Reports like this often come in - for example after Wednesday's clash they heard more than 30 insurgents had been injured or killed - but it's almost impossible to verify, or to know if civilians were among the casualties.
We saw first hand how a bombing raid was stopped at the last minute to avoid "collateral damage," but the dropping of a 2000lb bomb in part of a village had been only seconds away.
Some information comes from funerals and eye witnesses, but there's no way of telling what could be the impact of the bombing and the shelling.
Military discipline is crucial for living and coping in the desert
And the Marines on the patrol are the first to admit how difficult it is to tell civilians from Taleban fighters when they are not actually shooting at them.
Some of those the patrol came across today complained that the fighting was doing more harm than good to the village and its residents, and more should be done to stop the fighting.
But with the Taleban very much in control of the town it's not easy - the Afghan security forces there were bombarded heavily after dark.
On the drive today, we also managed to get a good look at the landscape along the Helmand river valley which winds right through the province.
The Marines picked up some pleasing news from the locals
Most people live along the narrow band of water-fed greenery which rears out of mile after mile of barren desert.
Many are nomads, their houses tents surrounded by straw and with perhaps a mud hut for extra protection.
Sheep and goats are tethered, camels tied nearby, and ferocious dogs keep strangers at bay.
The children, many wearing clothes inlaid with sequins that sparkle in the desert sun, gather to gawp at the passing patrol.
It's a scene and a place from another age caught up in war once again.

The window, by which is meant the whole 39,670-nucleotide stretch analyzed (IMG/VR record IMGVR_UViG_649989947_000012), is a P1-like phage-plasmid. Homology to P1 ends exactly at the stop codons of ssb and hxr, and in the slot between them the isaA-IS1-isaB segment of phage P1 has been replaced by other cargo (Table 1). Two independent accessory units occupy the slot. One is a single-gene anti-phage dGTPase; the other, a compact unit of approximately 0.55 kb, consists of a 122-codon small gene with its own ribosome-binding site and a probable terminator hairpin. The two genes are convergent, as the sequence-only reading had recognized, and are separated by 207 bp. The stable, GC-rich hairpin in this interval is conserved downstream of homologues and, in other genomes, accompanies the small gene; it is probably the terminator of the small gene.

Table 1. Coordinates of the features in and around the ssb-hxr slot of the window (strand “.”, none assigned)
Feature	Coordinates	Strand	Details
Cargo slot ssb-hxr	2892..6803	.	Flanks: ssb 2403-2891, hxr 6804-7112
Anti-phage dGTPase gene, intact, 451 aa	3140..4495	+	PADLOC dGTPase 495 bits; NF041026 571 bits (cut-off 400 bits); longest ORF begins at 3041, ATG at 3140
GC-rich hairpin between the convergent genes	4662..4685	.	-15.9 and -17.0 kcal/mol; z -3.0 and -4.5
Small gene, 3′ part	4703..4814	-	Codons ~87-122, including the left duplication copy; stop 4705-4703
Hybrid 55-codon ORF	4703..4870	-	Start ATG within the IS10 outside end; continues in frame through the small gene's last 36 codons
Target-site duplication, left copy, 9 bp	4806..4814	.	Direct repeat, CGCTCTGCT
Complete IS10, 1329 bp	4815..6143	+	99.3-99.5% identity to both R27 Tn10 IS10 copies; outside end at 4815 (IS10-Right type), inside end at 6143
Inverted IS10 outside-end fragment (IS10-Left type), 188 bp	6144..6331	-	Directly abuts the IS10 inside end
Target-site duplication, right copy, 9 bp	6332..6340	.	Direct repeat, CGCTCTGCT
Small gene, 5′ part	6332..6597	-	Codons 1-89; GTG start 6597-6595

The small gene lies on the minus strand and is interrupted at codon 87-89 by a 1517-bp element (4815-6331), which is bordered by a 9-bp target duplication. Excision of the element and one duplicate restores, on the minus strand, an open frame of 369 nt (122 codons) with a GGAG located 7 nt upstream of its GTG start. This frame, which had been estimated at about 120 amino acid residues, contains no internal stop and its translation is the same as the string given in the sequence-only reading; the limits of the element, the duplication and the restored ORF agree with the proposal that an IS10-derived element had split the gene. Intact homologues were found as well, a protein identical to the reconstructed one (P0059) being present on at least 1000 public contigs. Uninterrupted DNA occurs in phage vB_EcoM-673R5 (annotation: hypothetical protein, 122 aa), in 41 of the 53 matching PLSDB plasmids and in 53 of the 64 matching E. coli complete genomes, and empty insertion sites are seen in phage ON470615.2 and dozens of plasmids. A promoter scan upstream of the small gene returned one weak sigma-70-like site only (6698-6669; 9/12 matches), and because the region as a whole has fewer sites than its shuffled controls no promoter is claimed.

SATURDAY 4 NOVEMBER 0630 (0300 GMT)
There was a quiet start to another day in the desert, but the afternoon brought another fire-fight, the second in two days and this one even closer than the first.
The Royal Marines 3 Commando Brigade are pushing out into southern Helmand province, trying to get a feel for the Taleban - how much of a threat they are and in which areas, and our three-man crew is with them.
The BBC team has frequently come under fire with British troops
There were reports of thousands of refugees being forced out of the towns where fighting has been the most intense, but today the intelligence proved to be wrong.
The patrol came across people living in tents outside the town with families and animals in tow, but with the help of a translator, the troop commander discovered they were nomadic Kuchis and knew little about the Taleban.
The patrol medic is David Blades, 26, and his job isn't just to help his own colleagues, but assist the local people however he can.
So after chatting about the fighting, it was down to the injured foot and the nasty case of heartburn - the latter was easy, but the former was impossible to cure - the patient had glass in his foot, but it had been there so long the skin had healed up and needed an operation.
Go to a proper doctor was the advice handed out with some fresh bandages - but given the current situation that's most unlikely to happen.